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RE: [SLUG] File systems and redundency
- To: "'George Vieira'" <georgev@xxxxxxxxxxxxxxxxxxxxxx>, <slug@xxxxxxxxxxx>
- Subject: RE: [SLUG] File systems and redundency
- From: grant@xxxxxxxxxx
- Date: Thu Sep 14 10:38:23 2000
- Reply-to: <grant@xxxxxxxxxx>
I know of the following
1 Speed - Back in the days when you had squeese every thing out of that
disk, you would put particular partitions in particular places on the disk.
For example /tmp or swap should be put on the fastest parts of the disk whil
/home can be put on the slower parts.
2 Security - Some Denial of service type attacks can generate huge logs on
your system. In the extreme case these logs could take up your whole disk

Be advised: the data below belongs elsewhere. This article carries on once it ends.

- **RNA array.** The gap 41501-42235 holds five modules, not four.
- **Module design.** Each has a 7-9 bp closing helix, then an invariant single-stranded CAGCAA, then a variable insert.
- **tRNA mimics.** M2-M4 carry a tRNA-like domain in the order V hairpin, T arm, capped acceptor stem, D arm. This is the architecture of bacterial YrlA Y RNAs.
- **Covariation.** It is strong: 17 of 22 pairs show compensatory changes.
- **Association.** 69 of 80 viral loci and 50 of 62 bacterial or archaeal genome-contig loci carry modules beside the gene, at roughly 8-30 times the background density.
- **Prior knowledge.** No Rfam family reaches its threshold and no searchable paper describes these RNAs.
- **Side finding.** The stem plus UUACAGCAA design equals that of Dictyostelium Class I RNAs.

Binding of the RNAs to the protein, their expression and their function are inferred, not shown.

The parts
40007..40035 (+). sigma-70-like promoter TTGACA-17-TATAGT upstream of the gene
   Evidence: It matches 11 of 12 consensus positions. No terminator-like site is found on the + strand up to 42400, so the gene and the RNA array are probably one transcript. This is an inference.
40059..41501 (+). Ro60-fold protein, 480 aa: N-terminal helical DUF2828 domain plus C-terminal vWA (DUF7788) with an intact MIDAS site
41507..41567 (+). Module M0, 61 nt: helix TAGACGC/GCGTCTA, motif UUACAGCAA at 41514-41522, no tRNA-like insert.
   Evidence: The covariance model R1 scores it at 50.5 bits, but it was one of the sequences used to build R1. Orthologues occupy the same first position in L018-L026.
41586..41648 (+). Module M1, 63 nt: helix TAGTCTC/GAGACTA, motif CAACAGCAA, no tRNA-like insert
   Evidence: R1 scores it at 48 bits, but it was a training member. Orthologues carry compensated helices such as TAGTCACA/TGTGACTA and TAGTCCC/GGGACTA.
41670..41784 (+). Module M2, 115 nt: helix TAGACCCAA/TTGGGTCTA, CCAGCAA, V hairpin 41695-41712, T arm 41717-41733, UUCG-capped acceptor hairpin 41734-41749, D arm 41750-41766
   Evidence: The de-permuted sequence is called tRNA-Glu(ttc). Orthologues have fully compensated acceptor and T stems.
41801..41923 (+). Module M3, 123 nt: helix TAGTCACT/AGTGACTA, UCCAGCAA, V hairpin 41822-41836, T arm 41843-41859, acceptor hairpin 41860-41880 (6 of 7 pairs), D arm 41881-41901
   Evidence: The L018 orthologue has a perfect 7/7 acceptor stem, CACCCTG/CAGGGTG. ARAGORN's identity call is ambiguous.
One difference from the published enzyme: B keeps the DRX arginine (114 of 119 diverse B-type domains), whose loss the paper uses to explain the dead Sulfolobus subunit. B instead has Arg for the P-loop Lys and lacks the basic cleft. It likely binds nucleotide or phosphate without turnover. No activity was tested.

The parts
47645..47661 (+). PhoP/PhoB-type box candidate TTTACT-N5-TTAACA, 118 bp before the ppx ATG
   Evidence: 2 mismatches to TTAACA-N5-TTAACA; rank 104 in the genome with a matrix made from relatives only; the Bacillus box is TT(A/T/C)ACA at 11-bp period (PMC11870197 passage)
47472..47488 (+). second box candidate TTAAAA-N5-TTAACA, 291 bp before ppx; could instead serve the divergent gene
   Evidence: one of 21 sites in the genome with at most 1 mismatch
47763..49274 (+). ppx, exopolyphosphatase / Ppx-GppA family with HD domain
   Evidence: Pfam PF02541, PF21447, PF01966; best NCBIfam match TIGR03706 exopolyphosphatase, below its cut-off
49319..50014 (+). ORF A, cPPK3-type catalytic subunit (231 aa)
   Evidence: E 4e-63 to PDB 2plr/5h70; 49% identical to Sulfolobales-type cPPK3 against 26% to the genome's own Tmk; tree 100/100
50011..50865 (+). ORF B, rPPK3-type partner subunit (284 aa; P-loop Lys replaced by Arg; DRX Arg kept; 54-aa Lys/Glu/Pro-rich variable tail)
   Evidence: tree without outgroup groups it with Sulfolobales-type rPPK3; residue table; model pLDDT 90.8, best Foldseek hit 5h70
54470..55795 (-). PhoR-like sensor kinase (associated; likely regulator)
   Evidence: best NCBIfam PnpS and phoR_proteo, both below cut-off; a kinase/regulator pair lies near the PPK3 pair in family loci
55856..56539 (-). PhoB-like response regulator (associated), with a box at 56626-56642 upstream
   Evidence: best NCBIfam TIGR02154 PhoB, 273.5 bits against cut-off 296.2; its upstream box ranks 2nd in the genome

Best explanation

leaving no way for your system to do any thing and cause a crash. These logs
are normally stored in /var so "they" recommend having a partition for /var.
Four J's Asia Pacific
Ph: +61 2 8912 4170
Fax: +61 2 8912 4179
> -----Original Message-----
> From: George Vieira [mailto:georgev@xxxxxxxxxxxxxxxxxxxxxx]
> Sent: Thursday, 14 September 2000 10:22
> To: 'slug@xxxxxxxxxxx'
> Subject: [SLUG] File systems and redundency
> Hi all,
> I was just wondering why is it so crucial to have different
> mount points on
> a unix system? Eg. create /, /usr , /tmp , /home
> Why is it so much better to have multiple partitions instead of having
> everything mounted as (/) root?
> Sure some times the file system could crash and at least it's
> only 1 file
> system and root or /home or /usr is still OK but what other
> reasons are
> there? Speed? Fragmentation? Etc.....
> George Vieira
> Network Administrator
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